President-elect Joe Biden made his selections for two key public health positions, sources said, as he prepares to take office in January while the coronavirus pandemic rages to new levels across the United States.

The U.S. Supreme Court agreed to hear a bid by President Donald Trump’s administration to revive pilot programs adopted by the states of Arkansas and New Hampshire that allow work requirements to be imposed on people who receive healthcare under the Medicaid program for the poor.

Less than two months after life sciences giant Bayer acquired N.C.-based gene therapy company AskBio, the healthcare company launched a cell and gene therapy platform within its pharmaceutical division.

Purdue Pharma LP pleaded guilty to criminal charges over the handling of the company’s addictive prescription painkiller OxyContin, capping a deal with federal prosecutors to resolve an investigation into the drugmaker’s role in the U.S. opioid crisis.

Johnson & Johnson was ordered by a New York state judge to pay $120 million in damages to a Brooklyn woman and her husband, after she blamed her cancer on asbestos exposure from using the company’s baby powder.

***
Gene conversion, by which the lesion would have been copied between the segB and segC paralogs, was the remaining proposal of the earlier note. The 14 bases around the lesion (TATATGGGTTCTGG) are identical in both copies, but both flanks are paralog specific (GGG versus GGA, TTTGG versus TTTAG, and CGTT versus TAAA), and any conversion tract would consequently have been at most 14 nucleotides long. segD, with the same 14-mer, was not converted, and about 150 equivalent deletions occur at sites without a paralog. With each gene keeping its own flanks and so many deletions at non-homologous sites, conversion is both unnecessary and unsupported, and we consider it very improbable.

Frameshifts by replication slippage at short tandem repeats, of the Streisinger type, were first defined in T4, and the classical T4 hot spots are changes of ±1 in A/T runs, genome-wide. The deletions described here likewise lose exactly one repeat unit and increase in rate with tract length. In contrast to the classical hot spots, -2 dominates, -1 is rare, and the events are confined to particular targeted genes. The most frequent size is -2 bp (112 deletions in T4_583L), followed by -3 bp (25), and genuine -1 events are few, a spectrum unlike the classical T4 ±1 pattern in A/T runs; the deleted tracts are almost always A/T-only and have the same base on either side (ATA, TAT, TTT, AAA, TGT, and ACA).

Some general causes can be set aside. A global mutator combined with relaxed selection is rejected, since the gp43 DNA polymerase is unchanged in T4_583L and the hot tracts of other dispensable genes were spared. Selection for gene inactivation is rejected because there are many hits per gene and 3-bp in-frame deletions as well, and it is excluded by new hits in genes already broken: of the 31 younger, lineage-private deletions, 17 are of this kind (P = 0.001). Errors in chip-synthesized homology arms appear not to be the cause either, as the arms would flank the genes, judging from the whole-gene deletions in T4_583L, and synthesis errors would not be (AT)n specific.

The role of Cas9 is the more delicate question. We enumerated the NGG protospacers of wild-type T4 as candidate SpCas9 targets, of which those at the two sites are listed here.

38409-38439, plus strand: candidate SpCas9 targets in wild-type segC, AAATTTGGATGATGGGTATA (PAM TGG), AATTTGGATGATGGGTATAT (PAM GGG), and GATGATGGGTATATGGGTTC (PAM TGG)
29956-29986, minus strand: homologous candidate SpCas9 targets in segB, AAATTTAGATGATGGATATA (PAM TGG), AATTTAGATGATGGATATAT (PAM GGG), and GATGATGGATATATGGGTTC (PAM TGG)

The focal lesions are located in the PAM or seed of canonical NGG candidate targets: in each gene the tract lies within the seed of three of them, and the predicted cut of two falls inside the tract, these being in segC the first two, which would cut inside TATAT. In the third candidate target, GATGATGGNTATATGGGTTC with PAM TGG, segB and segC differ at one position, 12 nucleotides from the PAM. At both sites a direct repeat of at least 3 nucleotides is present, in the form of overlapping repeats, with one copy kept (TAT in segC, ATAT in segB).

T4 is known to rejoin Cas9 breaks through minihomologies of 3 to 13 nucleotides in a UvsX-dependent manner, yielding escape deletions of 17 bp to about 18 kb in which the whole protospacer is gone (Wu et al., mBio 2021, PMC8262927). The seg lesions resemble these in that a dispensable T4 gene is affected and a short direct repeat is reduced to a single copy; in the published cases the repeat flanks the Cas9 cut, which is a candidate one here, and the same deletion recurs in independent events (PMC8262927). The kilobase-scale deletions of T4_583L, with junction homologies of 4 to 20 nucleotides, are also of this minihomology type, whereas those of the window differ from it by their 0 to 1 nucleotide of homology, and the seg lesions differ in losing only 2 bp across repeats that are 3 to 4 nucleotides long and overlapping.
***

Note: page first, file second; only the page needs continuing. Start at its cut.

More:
A settlement valued at $8.34 billion was reached between Purdue Pharmaand the Justice Department, which required the drug company to plead guilty to three felonies related to its marketing and distribution of OxyContin, according to the Wall Street Journal.

U.S. Supreme Court justices signaled they are unlikely to strike down the Obamacare healthcare law in a legal challenge brought by Texas and 17 other Republican-governed states and joined by President Donald Trump’s administration.

Illinois-based Abbott is suing their former VP Jerome Clavel over allegations of trade secret theft with intent to share with his new employer, rival diagnostics company Bio-Rad.  

Missouri’s highest court refused to consider Johnson & Johnson’s appeal of a $2.12 billion damages award to women who blamed their ovarian cancer on asbestos in its baby powder and other talc products.

Walmart Inc. filed a lawsuit against the federal government, seeking clarity on the roles and legal responsibilities of pharmacists and pharmacies in filling opioid prescriptions.